In addition to essays being scored by graders and computers, essays are subject to another check. This check is done by the testing center’s similarity detection software. This is used to ensure students are not cheating or essays are not similar to anyone else. All work done should be your own, as prompts will also vary.

GRE Subject Scoring & Sub Scores

Much like the general exam, your score depends on the number of questions you answered correctly with GRE subject tests. After these are accounted for, the equating process is used. However, this process is slightly different for the two exams with sub-scores.

For Psychology and Physics, the number of questions in each content area a student has answered correctly, and the overall number of questions contribute to making up the Subscore. These sub-scores help students identify where they are more robust and weaker. Equating is then used to get to a valid score.

What Does GRE Percentile Mean?

What Does GRE Percentile Mean?

The GRE score percentile represents how you stack up compared to your peers. For example, if you score a five on your essay, that equates to the 93rd percentile. This means that on your essay, you scored better than 93% of individuals who have taken the exam. This also translates to your scoring worse than 7% of all test takers, which is not bad at all.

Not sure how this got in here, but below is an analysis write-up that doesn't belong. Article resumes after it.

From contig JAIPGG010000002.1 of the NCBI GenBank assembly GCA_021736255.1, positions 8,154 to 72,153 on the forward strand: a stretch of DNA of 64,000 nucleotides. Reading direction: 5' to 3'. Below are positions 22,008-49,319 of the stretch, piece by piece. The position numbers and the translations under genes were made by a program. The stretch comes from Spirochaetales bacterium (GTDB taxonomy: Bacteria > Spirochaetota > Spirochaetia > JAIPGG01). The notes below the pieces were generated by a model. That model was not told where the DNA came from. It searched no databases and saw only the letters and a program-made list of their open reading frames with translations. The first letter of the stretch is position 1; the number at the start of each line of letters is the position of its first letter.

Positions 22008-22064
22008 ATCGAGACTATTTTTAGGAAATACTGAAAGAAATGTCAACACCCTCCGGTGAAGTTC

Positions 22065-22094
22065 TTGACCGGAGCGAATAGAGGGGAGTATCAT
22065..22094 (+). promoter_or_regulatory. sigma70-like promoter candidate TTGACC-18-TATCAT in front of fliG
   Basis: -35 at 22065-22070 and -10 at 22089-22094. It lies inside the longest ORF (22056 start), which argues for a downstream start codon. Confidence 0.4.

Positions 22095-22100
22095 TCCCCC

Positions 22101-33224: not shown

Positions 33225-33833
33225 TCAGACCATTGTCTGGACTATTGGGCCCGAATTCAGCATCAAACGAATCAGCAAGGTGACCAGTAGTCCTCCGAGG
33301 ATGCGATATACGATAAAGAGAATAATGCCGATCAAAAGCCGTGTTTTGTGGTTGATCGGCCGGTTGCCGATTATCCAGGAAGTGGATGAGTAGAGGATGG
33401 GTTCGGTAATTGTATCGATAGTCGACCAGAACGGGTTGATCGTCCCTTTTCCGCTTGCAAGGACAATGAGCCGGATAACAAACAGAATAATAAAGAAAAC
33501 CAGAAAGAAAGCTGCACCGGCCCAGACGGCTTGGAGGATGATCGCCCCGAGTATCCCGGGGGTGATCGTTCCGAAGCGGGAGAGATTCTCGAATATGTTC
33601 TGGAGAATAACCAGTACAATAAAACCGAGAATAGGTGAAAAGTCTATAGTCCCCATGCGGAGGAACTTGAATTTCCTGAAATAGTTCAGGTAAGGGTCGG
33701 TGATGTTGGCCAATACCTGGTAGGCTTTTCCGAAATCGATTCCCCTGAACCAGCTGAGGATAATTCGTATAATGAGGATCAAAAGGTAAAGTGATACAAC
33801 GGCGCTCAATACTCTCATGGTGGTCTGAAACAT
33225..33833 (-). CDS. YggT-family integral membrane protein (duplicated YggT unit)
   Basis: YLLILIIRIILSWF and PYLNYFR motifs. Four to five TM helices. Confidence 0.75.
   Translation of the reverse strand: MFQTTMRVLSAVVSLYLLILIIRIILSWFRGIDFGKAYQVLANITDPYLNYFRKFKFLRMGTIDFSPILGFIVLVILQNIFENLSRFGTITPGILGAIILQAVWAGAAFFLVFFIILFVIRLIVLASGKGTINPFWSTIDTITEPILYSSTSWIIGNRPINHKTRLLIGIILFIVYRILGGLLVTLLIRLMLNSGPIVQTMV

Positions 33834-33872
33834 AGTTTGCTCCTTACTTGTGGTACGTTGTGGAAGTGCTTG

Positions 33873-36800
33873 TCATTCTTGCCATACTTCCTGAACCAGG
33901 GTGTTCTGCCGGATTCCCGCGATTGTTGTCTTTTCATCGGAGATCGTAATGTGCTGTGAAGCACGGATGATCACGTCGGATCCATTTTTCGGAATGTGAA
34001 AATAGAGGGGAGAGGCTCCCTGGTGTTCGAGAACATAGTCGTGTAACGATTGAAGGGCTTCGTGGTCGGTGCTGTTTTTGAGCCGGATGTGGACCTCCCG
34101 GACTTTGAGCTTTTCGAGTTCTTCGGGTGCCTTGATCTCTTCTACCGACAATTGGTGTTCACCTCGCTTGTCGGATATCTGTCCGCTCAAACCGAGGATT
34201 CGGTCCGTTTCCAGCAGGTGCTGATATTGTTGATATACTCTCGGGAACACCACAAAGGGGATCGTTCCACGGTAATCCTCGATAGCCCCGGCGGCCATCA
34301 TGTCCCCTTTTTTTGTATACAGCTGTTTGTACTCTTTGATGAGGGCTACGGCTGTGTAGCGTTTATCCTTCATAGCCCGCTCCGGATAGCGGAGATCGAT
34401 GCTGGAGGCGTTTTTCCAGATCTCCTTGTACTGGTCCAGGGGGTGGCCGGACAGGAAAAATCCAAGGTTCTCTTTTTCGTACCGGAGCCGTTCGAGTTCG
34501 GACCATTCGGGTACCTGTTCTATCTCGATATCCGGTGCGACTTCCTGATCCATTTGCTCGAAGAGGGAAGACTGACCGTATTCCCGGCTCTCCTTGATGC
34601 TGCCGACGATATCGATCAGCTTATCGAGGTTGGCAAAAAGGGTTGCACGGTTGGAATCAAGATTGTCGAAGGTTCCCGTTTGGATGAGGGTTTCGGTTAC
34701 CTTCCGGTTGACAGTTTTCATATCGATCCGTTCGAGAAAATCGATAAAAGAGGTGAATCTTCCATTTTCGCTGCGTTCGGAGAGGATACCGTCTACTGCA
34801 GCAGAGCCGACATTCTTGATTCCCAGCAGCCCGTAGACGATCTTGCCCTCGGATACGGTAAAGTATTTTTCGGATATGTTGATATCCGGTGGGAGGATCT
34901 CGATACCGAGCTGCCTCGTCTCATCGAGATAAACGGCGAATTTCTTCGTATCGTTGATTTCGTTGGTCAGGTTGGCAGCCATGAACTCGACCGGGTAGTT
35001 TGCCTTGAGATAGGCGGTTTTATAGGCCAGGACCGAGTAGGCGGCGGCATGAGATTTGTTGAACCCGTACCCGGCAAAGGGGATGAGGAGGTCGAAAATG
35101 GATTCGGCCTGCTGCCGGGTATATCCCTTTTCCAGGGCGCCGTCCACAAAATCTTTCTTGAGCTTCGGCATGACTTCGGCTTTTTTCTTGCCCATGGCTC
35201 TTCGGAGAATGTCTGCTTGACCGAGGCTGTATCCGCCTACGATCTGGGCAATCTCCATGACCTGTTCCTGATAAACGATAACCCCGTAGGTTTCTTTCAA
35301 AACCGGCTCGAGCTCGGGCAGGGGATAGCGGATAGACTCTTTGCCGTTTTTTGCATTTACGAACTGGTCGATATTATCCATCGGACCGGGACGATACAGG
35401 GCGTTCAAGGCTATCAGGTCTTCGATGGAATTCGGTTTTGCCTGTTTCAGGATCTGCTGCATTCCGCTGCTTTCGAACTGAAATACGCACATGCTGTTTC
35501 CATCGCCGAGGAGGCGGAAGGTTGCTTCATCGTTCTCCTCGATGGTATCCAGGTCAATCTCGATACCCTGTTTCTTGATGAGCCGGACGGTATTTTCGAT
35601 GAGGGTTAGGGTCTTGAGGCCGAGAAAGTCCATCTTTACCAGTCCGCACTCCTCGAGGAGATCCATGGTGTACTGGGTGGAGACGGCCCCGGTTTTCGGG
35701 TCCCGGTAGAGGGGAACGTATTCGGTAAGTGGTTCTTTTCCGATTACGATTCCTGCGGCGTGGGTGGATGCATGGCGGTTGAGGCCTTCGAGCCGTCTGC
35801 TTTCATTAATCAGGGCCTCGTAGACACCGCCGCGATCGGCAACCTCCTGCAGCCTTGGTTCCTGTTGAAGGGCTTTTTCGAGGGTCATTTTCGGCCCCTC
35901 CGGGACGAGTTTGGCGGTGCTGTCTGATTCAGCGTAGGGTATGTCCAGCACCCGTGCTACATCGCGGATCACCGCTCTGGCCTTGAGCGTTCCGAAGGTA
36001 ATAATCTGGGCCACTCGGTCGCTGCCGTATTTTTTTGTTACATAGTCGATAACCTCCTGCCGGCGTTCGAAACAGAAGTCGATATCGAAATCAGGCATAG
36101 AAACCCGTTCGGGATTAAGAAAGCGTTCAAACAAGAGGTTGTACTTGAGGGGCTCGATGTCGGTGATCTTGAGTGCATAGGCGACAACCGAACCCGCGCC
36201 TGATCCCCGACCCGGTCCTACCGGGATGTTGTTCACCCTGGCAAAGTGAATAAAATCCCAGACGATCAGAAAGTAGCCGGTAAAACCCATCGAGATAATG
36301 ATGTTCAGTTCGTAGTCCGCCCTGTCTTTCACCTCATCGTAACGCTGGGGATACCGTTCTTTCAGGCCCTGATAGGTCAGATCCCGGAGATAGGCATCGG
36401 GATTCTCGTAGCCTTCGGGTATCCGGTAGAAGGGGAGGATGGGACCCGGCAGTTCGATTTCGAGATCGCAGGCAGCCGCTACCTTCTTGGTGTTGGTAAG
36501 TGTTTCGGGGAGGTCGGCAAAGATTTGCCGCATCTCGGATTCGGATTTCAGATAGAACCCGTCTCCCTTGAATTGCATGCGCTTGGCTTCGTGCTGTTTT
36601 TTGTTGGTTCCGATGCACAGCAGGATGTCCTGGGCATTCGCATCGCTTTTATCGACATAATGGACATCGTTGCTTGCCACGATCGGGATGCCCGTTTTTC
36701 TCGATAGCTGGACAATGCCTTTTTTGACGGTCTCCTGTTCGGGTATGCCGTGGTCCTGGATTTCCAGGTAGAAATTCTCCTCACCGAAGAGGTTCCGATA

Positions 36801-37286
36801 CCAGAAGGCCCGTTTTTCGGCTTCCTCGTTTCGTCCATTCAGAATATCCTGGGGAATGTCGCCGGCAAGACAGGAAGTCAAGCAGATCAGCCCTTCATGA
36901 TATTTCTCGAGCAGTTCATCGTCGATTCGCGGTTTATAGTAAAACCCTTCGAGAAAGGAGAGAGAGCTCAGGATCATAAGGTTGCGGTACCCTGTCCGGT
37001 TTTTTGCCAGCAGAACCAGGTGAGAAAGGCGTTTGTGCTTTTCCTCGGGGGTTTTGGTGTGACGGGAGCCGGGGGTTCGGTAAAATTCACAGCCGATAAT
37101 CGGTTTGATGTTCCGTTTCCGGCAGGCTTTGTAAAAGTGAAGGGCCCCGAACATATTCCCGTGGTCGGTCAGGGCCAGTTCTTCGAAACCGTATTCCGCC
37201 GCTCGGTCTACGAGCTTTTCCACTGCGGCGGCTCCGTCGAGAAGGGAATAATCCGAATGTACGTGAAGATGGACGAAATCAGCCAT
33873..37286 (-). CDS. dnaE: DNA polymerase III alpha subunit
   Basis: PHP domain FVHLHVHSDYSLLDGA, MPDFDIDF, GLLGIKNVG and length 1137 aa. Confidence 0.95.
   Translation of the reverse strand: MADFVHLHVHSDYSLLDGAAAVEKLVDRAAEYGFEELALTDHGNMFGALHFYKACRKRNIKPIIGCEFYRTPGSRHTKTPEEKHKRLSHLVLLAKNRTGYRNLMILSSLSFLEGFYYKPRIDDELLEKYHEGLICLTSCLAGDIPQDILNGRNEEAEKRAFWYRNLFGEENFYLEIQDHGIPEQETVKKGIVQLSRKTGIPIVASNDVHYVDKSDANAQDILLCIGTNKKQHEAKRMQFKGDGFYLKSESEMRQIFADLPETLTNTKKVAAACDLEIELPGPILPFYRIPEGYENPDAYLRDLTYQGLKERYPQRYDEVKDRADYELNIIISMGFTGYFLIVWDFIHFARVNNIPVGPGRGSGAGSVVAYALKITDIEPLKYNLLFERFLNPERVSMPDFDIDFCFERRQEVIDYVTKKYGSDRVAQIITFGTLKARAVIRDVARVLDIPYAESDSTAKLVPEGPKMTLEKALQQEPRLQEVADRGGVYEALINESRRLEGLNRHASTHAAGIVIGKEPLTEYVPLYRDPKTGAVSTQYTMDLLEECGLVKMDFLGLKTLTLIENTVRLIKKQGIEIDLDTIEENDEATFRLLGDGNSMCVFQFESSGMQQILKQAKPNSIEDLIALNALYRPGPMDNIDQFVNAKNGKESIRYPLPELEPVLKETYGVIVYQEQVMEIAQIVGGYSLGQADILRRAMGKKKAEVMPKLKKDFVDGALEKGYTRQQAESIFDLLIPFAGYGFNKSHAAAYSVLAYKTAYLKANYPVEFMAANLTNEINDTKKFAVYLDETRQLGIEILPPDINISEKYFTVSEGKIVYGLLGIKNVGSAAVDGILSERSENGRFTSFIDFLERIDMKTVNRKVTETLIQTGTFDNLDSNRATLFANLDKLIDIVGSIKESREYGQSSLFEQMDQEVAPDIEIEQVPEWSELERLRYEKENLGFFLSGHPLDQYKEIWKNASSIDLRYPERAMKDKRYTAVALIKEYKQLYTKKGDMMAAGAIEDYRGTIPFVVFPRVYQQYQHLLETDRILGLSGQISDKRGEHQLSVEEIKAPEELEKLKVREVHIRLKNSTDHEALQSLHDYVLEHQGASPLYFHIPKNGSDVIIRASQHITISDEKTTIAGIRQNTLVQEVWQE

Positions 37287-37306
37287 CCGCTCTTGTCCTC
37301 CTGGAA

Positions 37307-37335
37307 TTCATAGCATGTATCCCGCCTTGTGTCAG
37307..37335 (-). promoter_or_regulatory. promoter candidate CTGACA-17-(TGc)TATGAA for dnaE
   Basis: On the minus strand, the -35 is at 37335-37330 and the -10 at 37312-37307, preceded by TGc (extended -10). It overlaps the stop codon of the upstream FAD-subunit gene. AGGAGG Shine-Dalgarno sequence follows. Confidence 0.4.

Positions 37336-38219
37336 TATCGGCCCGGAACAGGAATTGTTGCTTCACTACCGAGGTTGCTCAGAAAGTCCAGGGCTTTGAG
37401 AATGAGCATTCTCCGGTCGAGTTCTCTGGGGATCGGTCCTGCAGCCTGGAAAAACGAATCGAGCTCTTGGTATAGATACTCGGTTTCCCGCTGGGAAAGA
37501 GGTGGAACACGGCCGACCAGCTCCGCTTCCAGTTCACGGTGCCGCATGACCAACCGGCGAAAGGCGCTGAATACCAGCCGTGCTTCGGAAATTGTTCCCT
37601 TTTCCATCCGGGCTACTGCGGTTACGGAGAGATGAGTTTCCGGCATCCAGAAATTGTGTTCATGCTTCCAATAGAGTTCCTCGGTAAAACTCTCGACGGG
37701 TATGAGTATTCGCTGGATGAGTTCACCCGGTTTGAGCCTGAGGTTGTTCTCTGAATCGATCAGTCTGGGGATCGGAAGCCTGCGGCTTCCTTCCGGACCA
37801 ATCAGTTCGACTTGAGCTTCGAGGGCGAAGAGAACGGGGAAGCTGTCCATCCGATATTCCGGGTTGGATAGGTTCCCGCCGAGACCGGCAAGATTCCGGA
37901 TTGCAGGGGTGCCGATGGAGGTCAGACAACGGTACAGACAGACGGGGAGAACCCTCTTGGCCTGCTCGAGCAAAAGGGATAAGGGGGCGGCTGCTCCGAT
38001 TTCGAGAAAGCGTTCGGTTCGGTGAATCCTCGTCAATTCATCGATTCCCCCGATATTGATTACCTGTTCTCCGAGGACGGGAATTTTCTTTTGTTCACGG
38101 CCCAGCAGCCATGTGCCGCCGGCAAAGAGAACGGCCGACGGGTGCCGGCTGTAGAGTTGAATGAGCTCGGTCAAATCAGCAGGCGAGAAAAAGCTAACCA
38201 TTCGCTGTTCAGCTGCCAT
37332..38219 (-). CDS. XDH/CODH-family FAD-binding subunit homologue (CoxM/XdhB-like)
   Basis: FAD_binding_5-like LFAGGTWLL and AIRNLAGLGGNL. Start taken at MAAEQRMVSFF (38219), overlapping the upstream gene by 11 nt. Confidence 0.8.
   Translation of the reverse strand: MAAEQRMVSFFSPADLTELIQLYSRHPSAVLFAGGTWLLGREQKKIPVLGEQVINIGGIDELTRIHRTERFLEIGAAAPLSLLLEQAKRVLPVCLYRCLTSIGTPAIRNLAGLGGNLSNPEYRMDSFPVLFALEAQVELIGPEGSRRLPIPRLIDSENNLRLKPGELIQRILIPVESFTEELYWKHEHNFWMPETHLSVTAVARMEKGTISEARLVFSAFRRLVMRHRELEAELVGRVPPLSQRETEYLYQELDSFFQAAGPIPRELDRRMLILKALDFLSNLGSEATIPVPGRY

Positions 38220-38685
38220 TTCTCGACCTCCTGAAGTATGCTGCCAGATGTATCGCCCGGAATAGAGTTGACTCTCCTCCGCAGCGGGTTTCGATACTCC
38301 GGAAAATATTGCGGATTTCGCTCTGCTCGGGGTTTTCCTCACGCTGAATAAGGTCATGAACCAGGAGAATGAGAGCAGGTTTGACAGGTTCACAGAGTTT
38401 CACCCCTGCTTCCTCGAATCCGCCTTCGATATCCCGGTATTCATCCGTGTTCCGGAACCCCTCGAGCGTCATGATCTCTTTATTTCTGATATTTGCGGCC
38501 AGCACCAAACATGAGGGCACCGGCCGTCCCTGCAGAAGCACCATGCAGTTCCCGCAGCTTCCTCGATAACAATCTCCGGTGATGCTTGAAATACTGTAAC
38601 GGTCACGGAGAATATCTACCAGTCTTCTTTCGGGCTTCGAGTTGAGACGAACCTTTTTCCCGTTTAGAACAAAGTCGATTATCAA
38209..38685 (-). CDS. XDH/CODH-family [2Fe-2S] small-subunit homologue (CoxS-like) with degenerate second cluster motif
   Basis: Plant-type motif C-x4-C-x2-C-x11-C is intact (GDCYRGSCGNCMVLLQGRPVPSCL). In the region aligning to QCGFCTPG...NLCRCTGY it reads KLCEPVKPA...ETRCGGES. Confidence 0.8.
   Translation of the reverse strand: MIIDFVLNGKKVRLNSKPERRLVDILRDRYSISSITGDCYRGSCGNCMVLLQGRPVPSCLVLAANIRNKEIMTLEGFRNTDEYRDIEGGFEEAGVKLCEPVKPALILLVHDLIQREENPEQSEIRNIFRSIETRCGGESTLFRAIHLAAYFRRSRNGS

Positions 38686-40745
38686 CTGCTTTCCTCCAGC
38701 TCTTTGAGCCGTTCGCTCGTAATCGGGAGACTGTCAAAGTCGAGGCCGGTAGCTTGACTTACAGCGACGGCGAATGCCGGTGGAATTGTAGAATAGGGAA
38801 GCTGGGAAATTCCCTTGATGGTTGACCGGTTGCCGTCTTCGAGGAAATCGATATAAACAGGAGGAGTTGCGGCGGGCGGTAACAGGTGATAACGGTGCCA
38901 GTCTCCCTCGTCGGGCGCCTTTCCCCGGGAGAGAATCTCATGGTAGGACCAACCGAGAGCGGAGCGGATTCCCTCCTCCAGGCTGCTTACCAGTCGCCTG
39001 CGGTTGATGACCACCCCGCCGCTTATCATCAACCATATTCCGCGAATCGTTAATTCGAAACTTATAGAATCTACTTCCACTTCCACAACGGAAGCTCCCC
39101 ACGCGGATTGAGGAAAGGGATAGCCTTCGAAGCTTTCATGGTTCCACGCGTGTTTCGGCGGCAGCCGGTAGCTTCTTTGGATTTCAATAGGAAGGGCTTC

What are Good GRE Scores?

What are Good GRE Scores?

A good score is relative to what you are looking to do with it. If you are looking to attend an Ivy League graduate school, chances are high that the score you need will not be the same as someone looking to go to a lower-tiered school. There are several questions that you can start by asking yourself to help you determine what a good score is. These questions can include the following:

  • What is a good GRE score for my major?
  • What will my GRE score be used for?
  • What other factors are utilized in tandem with the GRE score?

These are all critical questions to ask to ensure you know how your GRE score will be utilized and what you should aim for. For example, if you were taking the GRE simply as practice and with no intention of attending grad school. There may not be a number that you are striving for. You may simply be striving for progress.

The chart below shows the average score within each subject measurement area. This information considers the averages of test takers from July 2018 to June 2021. This information is taken from ETS.

Test Area Average
Analytical Writing 3.6
Verbal Reasoning 150.61
Quantitative Reasoning 154.34

 A good score can be categorized as scoring in the 75th percentile or higher. Scoring in this range would put you around the average and make you eligible to get into most graduate programs. In addition to these averages, several others can be shown to provide a fuller picture of the GRE. The information below will help you to understand the average GRE scores for various majors or schools.